Deciding whether or not the Enbridge Northern Gateway Project will become a reality is now up to the federal government—it has six months—after having been approved by a joint panel review. There are, however, 209 conditions that have to be met, such as developing a marine mammal protection plan, a caribou habitat restoration plan, a plan to deal with marine spills and a research program involving the cleanup of heavy oils. The decision comes as a slap in the face to the many Canadians who have been voicing concerns about the impact this project will have on the environment, the economy and to First Nations land rights.
The project features two pipelines traversing 1178 kilometres from Alberta to BC—one carrying bitumen to Kitimat and the other carrying condensate from the coast to Bruderheim (condensate is used to thin the bitumen for easier pipeline transport)—as well as a marine terminal at Kitimat to ship the oil to the Asian market. Just where the bitumen will be refined hasn’t been answered and neither has the question of how this project will create lasting employment? Sure, Enbridge says 1850 construction jobs will be created, but by 2018, when this pipeline is supposed to be up and running, those men and women will be out of work. Only 228 permanent jobs will be created compared to the 10 times that amount that a refinery would permanently employ.
From the point of view of environmentalists, this project shouldn’t happen at all. Pipelines need constant flow, which, according to Maude Barlow of the Council of Canadians, means a “massive expansion of the [oil sands]” to ensure the pipes are full. The oil sands are already a major contributor to greenhouse gas emissions and increasing the output with a pipeline project, significantly exacerbates that problem. Josha MacNab, director of the Pembina Institute, says, “Our analysis shows the greenhouse gas pollution generated by filling the Northern Gateway pipeline would be equivalent to adding more than three million cars a year to Canada’s roads.”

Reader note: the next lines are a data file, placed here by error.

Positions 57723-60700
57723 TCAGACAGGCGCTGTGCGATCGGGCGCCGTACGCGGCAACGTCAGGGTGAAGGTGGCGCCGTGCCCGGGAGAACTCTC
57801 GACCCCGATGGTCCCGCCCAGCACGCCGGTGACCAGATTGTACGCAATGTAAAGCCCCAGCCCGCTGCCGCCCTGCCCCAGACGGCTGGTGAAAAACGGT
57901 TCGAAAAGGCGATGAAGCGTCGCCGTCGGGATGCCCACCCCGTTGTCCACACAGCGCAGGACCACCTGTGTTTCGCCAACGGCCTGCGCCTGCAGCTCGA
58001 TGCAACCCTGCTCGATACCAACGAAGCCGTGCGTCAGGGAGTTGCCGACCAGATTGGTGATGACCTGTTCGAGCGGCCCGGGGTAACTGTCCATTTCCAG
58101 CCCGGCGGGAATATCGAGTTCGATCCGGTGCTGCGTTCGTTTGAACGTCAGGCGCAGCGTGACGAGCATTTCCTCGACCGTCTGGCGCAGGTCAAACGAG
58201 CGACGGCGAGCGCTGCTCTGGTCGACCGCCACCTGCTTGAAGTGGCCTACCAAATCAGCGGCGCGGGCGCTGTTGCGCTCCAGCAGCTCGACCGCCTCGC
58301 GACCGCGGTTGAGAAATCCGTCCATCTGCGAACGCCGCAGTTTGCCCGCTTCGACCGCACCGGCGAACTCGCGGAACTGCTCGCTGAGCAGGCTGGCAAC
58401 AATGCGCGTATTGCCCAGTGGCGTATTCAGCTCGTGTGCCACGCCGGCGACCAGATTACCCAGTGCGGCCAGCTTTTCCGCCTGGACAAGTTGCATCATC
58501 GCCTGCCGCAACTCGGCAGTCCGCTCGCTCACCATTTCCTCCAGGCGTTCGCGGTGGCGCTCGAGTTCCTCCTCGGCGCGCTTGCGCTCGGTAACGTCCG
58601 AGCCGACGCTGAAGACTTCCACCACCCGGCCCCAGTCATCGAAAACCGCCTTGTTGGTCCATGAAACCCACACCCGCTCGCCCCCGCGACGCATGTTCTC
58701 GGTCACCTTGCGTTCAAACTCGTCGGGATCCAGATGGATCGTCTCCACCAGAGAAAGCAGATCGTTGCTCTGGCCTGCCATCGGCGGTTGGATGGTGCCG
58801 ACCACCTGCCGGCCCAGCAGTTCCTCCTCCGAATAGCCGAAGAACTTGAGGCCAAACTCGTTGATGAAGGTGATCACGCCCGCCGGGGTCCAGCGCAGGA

Other environmental concerns include oil spills, both from leaks in the pipes and during ocean transportation. The tankers would be going through the Hecate Strait, which is a very difficult body of water to navigate. The pipelines themselves would cut across salmon-spawning streams and natural wildlife habitats. Even the panel admitted certain populations of woodland caribou and grizzly bear would be affected, though not significantly. What constitutes significant seems to be a grey matter here as billion-dollar industries don’t usually appear to consider environmental impacts a top priority. The panel also said the burdens of a large oil spill would be significant but unlikely. Seem like nice, pat answers to ease the concerns of Canadians.
But Canadians are not at ease about this pipeline. More than 130 First Nations have signed the Save the Fraser Declaration to ban the Northern Gateway Project cutting through their land for environmental reasons and because the project disregards aboriginal land rights. There is still time for Canadians to make noise and make it known that this pipeline is not welcome here. V